Vote on a Name for the Baby Sea Turtle at the Maritime Aquarium | Rye & Rye Brook Moms

NORWALK, CT  –  Help to decide the name of a baby sea turtle – and support ocean conservation at the same time – by voting in the “Name the Baby Sea Turtle” contest of The Maritime Aquarium at Norwalk.
The Aquarium has narrowed the list of possible names for its new baby loggerhead sea turtle to a choice of five. The winning name is now up for vote.
Should it be:

  • Eco? (as in ecology; pronounced ee-ko, not echo)
  • Nibbler?
  • Sounder? (a nod to Long Island Sound)
  • Squirt?
  • or Shell Turtlestein?

Vote by going to now through Dec. 17. Each vote will cost $1, with proceeds going to The Maritime Aquarium’s conservation efforts. The winning name will be announced during a Maritime Aquarium Facebook Live update on Dec. 20.
The turtle arrived in Norwalk Oct. 21 as a 3-inch-long stranded hatchling rescued by staff of The North Carolina Aquarium at Pine Knoll Shores. It will live in The Maritime Aquarium’s new “Sea Turtle Nursery” exhibit for a year, growing to “dinner-plate-size,” before being released into the Atlantic back in North Carolina next October.
It’s not known if the Aquarium’s turtle is male or female – and won’t be known before it is released – because gender doesn’t become identifiable in sea turtles until they are in their teens.
“During the year that this cute little turtle will be here, it’s going to be such a good ambassador for sea turtle conservation, by letting us share with guests the reasons that hatchling sea turtles sometimes don’t make it to the sea,” said Dave Sigworth, the Aquarium’s associate director of communications. “And this naming contest is a fun and simple way for folks to actually put a dollar to the cause, supporting the Aquarium’s participation in this baby-turtle loan program and other initiatives that support Long Island Sound and the oceans beyond.”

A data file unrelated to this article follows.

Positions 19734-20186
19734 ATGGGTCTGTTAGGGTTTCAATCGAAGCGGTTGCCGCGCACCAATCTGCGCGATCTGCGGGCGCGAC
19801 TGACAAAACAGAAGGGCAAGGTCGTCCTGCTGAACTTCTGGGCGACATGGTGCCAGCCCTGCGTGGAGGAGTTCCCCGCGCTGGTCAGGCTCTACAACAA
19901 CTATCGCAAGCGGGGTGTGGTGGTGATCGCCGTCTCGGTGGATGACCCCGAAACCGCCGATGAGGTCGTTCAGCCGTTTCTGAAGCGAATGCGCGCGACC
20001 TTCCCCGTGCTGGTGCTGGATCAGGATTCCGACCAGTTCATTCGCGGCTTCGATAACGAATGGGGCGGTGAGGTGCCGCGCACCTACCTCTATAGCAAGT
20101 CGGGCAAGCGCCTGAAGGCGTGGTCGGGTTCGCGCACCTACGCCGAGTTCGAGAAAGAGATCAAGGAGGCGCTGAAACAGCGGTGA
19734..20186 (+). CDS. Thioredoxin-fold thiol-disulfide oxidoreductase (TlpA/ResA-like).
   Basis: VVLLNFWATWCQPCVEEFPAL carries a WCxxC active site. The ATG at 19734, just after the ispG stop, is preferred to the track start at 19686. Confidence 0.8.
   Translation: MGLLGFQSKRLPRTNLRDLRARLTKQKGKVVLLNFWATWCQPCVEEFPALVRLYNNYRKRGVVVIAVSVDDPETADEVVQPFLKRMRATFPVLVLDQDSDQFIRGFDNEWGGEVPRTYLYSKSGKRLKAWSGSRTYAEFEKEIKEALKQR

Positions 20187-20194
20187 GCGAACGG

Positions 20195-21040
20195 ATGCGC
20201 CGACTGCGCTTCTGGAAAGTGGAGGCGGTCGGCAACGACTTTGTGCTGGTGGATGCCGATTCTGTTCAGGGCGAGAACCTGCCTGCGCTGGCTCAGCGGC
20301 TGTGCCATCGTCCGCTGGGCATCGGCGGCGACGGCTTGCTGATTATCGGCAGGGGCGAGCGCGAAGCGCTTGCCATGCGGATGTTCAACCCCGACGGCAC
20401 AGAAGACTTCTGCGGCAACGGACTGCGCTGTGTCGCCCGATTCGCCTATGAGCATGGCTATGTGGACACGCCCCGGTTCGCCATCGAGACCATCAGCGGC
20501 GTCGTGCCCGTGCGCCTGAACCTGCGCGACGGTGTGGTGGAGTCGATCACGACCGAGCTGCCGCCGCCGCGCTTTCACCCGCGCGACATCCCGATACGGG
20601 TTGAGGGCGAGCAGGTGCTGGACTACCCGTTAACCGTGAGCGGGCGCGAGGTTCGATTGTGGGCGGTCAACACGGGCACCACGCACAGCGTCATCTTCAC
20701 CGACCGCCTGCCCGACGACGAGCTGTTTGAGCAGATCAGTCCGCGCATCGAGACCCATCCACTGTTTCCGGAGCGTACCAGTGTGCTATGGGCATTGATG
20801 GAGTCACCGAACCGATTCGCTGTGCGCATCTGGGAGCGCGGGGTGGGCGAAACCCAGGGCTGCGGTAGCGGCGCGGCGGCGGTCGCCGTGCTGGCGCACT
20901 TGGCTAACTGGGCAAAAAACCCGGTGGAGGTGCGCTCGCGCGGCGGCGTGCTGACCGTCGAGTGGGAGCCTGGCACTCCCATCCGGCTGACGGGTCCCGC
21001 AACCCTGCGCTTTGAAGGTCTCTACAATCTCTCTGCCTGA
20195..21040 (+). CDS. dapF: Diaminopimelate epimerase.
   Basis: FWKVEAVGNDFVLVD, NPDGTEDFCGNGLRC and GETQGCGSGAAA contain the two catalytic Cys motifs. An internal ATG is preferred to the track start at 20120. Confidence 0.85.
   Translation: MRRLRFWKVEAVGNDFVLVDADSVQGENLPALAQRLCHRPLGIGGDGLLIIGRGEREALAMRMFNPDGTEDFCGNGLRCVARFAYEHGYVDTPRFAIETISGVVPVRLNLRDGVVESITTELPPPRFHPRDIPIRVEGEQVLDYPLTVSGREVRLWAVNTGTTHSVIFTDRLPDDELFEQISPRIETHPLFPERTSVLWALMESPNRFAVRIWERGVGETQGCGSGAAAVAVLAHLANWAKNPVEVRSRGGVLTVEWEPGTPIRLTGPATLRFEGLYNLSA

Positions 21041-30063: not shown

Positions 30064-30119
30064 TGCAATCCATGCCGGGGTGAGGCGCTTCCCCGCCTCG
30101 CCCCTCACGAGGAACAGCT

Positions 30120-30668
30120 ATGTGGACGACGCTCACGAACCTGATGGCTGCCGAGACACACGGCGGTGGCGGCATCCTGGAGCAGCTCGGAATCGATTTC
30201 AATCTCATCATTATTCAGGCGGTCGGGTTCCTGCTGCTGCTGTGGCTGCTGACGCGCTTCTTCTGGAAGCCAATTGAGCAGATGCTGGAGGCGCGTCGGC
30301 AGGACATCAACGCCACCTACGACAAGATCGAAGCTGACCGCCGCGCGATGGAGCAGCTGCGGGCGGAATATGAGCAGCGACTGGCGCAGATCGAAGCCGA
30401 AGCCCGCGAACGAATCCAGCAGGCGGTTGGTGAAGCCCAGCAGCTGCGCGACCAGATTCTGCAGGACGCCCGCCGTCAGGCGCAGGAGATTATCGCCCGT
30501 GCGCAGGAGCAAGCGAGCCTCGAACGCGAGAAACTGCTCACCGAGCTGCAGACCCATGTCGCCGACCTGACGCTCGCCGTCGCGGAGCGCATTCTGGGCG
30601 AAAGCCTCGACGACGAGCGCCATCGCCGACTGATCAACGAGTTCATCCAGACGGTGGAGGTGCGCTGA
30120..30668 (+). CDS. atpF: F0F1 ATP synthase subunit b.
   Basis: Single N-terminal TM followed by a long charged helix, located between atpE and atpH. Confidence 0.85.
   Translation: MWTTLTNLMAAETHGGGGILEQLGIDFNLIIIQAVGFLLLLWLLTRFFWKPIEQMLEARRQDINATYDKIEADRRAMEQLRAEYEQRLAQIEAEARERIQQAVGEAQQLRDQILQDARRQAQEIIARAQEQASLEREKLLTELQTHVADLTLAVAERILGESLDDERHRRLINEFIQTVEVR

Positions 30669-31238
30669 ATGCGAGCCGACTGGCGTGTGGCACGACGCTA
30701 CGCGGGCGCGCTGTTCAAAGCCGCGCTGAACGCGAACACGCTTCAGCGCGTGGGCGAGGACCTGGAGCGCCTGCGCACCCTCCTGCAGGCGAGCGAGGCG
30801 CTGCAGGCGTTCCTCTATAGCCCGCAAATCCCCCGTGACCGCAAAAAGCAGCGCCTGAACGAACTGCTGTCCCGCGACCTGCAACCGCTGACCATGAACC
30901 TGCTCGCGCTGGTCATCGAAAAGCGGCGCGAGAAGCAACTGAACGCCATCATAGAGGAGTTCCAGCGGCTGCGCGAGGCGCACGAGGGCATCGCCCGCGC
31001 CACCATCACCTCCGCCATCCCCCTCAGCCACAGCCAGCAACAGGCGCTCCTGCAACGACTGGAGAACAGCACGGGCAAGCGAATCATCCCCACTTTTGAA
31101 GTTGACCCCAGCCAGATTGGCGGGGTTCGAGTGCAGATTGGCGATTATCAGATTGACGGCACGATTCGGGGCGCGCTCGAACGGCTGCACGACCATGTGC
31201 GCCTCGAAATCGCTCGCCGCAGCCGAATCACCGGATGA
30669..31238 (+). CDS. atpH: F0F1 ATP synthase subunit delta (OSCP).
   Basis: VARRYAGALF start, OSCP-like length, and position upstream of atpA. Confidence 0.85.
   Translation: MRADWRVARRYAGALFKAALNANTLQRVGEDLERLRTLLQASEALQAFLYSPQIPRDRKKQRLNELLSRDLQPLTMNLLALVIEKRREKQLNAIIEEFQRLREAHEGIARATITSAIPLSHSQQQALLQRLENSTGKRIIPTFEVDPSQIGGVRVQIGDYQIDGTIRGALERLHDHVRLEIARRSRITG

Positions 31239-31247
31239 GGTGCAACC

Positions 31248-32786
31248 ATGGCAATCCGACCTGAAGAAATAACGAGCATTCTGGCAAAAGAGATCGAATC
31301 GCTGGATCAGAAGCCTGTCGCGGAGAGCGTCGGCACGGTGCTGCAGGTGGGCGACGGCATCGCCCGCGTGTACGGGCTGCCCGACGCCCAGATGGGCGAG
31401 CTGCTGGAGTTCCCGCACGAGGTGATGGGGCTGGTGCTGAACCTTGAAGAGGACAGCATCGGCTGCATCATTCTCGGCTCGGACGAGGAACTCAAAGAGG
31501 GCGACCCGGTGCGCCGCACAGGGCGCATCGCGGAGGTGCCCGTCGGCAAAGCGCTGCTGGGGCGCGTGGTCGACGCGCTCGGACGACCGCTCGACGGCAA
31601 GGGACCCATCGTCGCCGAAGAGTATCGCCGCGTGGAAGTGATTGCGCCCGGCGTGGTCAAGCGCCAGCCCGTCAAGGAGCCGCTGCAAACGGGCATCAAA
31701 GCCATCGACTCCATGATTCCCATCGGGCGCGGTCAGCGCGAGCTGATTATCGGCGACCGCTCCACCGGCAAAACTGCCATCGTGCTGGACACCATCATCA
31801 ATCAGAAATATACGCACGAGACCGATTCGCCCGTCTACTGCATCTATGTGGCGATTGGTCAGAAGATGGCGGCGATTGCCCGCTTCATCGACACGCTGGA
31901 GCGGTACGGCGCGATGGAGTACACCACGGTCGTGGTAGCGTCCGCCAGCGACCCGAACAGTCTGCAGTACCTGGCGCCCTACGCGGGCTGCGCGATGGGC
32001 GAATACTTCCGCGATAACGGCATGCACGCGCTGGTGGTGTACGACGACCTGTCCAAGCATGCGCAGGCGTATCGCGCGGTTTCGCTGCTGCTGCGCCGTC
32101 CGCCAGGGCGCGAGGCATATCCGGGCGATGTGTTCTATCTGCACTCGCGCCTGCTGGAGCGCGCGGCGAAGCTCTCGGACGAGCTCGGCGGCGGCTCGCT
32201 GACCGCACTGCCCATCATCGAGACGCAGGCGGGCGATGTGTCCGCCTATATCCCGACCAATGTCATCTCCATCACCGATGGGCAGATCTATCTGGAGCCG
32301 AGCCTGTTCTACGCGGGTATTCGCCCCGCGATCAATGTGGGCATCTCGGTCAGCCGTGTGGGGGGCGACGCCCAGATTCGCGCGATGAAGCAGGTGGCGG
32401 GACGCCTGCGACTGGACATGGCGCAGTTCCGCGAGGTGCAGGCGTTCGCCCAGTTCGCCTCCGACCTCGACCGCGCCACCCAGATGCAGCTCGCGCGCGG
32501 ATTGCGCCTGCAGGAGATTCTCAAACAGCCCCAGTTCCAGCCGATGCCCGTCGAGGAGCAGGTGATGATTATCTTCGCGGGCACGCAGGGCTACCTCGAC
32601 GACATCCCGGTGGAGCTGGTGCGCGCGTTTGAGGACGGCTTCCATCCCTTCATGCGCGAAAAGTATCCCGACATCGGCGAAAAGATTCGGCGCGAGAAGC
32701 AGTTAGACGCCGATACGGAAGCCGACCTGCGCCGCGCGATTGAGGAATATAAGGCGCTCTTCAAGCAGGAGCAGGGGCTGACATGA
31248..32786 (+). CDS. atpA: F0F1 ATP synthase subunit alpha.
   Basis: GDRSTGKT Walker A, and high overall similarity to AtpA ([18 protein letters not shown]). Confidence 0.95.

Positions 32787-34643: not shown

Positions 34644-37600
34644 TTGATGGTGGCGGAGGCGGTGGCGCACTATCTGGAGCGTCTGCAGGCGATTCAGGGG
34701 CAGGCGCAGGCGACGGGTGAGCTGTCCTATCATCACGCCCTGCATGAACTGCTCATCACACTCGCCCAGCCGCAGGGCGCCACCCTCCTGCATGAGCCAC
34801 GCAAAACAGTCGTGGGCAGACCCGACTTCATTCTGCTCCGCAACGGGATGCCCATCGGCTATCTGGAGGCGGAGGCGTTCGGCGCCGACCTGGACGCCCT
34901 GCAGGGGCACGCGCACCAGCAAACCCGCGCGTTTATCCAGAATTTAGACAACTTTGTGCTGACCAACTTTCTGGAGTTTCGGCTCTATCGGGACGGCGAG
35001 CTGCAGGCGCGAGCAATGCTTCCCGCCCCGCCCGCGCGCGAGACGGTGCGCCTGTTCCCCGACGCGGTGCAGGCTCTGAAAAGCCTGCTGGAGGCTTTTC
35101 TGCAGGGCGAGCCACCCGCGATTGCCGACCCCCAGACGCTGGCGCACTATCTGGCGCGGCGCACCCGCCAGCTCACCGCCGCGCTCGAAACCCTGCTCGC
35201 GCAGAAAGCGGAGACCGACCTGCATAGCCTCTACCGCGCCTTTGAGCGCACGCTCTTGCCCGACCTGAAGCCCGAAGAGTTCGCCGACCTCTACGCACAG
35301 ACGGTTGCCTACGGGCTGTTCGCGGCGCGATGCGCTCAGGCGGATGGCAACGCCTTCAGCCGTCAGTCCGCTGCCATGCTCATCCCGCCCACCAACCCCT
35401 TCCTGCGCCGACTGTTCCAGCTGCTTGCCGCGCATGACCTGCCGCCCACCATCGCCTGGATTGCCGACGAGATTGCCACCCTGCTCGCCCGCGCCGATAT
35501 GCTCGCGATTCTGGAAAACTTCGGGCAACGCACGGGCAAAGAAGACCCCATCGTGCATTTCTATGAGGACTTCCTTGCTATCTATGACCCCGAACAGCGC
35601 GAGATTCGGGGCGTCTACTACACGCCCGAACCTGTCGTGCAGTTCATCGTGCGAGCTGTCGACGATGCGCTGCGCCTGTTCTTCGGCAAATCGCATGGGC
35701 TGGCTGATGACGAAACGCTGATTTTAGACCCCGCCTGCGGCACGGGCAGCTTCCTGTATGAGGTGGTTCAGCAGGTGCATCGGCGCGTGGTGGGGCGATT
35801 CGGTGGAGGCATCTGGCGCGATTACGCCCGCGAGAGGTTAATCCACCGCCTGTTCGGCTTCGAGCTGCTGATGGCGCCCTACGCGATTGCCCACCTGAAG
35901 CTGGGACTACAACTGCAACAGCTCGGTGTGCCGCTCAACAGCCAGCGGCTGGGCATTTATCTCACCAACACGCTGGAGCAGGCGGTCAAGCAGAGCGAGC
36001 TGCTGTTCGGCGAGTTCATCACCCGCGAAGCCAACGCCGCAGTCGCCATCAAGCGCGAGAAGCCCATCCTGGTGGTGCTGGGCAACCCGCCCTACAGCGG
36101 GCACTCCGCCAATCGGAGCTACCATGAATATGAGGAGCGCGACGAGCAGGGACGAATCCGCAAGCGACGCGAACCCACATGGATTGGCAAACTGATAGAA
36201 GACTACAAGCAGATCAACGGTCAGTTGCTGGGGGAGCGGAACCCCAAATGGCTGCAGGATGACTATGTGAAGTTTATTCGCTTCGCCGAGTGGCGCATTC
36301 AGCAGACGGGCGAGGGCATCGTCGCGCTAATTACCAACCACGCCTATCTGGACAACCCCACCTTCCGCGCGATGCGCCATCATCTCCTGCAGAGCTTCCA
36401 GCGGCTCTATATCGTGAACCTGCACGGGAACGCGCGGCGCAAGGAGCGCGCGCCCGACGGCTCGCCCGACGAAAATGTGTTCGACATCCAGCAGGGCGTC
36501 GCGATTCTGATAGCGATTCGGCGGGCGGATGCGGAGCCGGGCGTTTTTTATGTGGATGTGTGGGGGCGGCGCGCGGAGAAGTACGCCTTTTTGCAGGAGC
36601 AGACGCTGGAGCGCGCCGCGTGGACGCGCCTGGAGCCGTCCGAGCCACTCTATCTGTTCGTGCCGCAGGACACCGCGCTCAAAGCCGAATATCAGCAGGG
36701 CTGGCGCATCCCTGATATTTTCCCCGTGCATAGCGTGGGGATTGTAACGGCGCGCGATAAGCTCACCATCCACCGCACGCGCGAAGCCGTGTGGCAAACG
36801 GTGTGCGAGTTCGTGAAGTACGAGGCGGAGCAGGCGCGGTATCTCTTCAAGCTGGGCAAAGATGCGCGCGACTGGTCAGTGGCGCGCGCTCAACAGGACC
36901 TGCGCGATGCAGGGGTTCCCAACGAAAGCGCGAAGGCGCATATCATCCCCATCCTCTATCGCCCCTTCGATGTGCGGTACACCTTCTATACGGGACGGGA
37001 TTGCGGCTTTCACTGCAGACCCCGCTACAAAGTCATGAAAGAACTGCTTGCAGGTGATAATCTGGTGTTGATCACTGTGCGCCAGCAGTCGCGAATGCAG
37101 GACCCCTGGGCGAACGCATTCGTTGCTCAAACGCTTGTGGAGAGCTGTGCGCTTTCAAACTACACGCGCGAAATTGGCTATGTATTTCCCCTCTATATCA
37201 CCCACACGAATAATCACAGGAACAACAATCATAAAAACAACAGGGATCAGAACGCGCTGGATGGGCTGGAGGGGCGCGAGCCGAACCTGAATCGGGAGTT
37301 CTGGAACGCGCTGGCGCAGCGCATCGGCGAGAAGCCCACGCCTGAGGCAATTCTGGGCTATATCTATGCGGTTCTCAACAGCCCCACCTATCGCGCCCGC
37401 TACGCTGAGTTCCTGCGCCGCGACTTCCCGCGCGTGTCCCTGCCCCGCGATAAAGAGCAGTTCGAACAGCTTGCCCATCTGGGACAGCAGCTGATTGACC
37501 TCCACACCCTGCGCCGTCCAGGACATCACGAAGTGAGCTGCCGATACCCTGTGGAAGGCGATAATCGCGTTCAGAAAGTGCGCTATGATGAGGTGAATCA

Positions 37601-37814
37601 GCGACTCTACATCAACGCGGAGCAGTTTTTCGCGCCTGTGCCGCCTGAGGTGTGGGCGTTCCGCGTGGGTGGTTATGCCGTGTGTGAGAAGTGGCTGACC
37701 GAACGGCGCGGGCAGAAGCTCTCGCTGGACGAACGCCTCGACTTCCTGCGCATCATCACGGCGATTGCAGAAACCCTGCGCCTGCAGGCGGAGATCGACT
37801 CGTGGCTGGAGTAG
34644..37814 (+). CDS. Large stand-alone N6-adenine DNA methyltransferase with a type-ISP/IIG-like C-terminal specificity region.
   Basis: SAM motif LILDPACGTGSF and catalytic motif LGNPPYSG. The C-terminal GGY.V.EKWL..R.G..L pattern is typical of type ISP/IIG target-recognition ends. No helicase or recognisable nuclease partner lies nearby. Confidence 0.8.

Loggerhead sea turtles (Caretta caretta) live to 50 or more years, grow to weigh 250 to 300 pounds and are found around the globe in nine “distinct population segments.” Five of the populations are considered to be “Endangered,” and the other four – including the loggerheads off the U.S. Atlantic coast – are considered “Threatened.” Their biggest threats are from coastal development that destroys nesting habitats and from accidental capture in fishing gear.
See photos and videos of the baby loggerhead – and link to the voting page – and also learn about programs, holiday-season events and IMAX® movies, including the premiere of “Star Wars: The Last Jedi” on Dec. 14, on the Aquarium website:

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